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Satellite tracking shows how ships affect clouds, climate and sulphur emissions

When ships burn fossil fuels, they release airborne particles containing various naturally occurring chemicals, including sulphur. These particles are known to modify certain types of clouds, which can affect climate.

Better knowledge of how these particles, and particularly the sulphur components, affect clouds could help scientists to create more accurate climate models, and shipping’s regulators to potentially monitor the sulphur content in emissions from ships.

In the latest study, satellite tracking was also used to show the impact of restrictions on sulphur in fuels, revealing the impact of ships on clouds largely disappears in ECA zones.

 

By analysing a huge dataset of ship tracks observed from satellites, we can see that they largely disappear when restrictions are introduced, demonstrating the strong impact of aerosols. - Dr Edward Gryspeerdt

 

This information can be used to build a relationship between cloud properties and the sulphur content of shipping fuels. Importantly, this could help monitor compliance with sulphur regulations that come into force on 1 January 2020.

The study, published today in Geophysical Research Letters, was led by researchers from Imperial College London, together with University College London and the University of Oxford.

 

An experiment of opportunity

Emissions from ships contain several chemicals, including sulphate aerosols – small particles of sulphur and oxygen. The aerosols can act as ‘seeds’ around which water droplets accumulate, causing changes in cloud properties that are visible to satellites.

This means that ships can change clouds, leaving lines – known as ship tracks – in the clouds behind them as they sail.

However, exactly how these aerosols impact the properties of the clouds is not precisely known. This knowledge is important because the kinds of clouds that the emissions affect can influence climate warming, and is therefore important to capture in climate models.

Aerosol are emitted from many sources, such as factories and cars, but it has been difficult to match these outputs with the influence on clouds, as there are many other factors at play.

 

False-colour image of clouds off the coast of Cornwall, using near infra-red frequencies to highlight the presence of ships. Image Credit: Dr Edward Gryspeerdt, with data from NASA.

 

However, with ship tracks, the relationship is more straightforward, enabling researchers to tease out the links between aerosols and clouds more easily.

Lead researcher Dr Edward Gryspeerdt, from the Department of Physics at Imperial, said: “Ship tracks act like an experiment that would be impossible for us to do otherwise – we cannot inject sulphate aerosols into the atmosphere at such scale to see what happens.

“Instead, restrictions on the amount of ship sulphate emissions can contain provide us with a perfect experiment for determining just how important the aerosols are in cloud formation. By analysing a huge dataset of ship tracks observed from satellites, we can see that they largely disappear when restrictions are introduced, demonstrating the strong impact of aerosols.”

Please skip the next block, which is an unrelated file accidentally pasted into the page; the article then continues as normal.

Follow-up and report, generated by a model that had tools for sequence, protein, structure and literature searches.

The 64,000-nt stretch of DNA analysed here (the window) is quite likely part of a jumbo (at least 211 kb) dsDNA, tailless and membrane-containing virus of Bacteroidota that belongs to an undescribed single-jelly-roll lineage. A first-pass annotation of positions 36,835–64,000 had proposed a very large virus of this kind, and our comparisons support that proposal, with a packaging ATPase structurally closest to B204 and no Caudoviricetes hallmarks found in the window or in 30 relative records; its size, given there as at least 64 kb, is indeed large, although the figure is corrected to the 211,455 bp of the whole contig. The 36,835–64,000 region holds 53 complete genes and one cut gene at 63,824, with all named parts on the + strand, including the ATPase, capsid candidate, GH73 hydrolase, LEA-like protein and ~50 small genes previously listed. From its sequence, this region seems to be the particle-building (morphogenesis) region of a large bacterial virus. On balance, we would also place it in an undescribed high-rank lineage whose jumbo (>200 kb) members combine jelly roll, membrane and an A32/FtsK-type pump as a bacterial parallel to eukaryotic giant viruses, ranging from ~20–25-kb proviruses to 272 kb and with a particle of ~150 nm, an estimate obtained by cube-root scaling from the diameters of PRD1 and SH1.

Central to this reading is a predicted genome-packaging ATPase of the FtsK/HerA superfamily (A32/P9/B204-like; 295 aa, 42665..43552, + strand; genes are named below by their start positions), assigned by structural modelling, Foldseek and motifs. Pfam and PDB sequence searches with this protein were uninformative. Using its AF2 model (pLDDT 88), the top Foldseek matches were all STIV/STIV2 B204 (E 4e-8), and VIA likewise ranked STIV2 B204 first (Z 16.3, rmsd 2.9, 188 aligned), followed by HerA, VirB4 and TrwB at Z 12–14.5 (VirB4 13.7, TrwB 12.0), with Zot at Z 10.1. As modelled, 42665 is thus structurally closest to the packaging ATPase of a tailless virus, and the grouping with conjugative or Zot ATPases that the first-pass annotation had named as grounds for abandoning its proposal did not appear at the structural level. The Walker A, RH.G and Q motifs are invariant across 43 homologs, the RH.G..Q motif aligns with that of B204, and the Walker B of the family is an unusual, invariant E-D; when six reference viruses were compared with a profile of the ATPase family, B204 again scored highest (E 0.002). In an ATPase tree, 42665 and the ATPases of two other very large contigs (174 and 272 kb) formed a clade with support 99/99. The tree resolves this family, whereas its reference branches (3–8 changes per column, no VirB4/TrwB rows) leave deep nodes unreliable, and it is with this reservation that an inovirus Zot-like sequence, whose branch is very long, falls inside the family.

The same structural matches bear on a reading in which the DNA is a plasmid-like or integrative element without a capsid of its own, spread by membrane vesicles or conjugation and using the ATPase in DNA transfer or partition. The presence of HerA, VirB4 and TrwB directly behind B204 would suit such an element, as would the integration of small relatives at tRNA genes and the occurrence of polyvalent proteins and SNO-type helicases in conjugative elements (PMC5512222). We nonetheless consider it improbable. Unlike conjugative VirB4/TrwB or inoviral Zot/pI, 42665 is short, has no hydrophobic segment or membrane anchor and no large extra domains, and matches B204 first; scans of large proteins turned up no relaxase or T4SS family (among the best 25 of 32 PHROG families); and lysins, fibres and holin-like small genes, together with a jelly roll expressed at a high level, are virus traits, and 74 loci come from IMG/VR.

Detecting ships not in compliance with regulations

The team studied more than 17,000 ship tracks from satellite observations and matched them to the movements of individual ships using their onboard GPS.

The study period covered the introduction of emission control areas around the coast of North America, the North Sea, the Baltic Sea and the English Channel, which restricted sulphur in ship fuel to 0.5 percent, leading to fewer sulphate aerosol emissions.

The researchers found that in these areas, ship tracks nearly completely disappeared compared to before the restrictions, under similar weather conditions.

 

The frequency of ship tracks off the coast of California decreased almost to nothing as new regulations on sulphur emissions were introduced in 2015 (within the red line). Image Credit: AGU

 

This shows that sulphate aerosols have the most significant impact on cloud formation, as opposed to other components of the ship exhaust, such as black carbon.

The result also means that a ship not in compliance with the regulations, by burning the current high-sulphur fuels without exhaust treatment, could be detected because it would create a measurable difference in the satellite-observed cloud properties.

Co-author Dr Tristan Smith from UCL Energy Institute said “Currently, it is hard for regulators to know what ships are doing in the middle of the ocean. The potential for undetected non-compliance with the 2020 sulphur regulations is a real risk for shipping companies because it can create commercial advantage to those companies who do not comply.

“This study shows that science and technology are producing significant advancements in the transparency of shipping, and helping to reduce risks and unfairness for responsible operators.”

As well as exploring how the method could be used to identify ships that may not be in compliance with the 0.5 percent limit, the team now want to more precisely relate known ship fuel compositions to ship tracks, allowing them to more accurately predict the influence of sulphur aerosols on cloud formation on a larger scale, ready to feed into climate models.

 

'The impact of ship emission controls recorded by cloud properties’ by Edward Gryspeerdt, Tristan Smith, Eoin O'Keeffe, Matthew Christensen and Fraser Goldsworth is published in Geophysical Research Letters.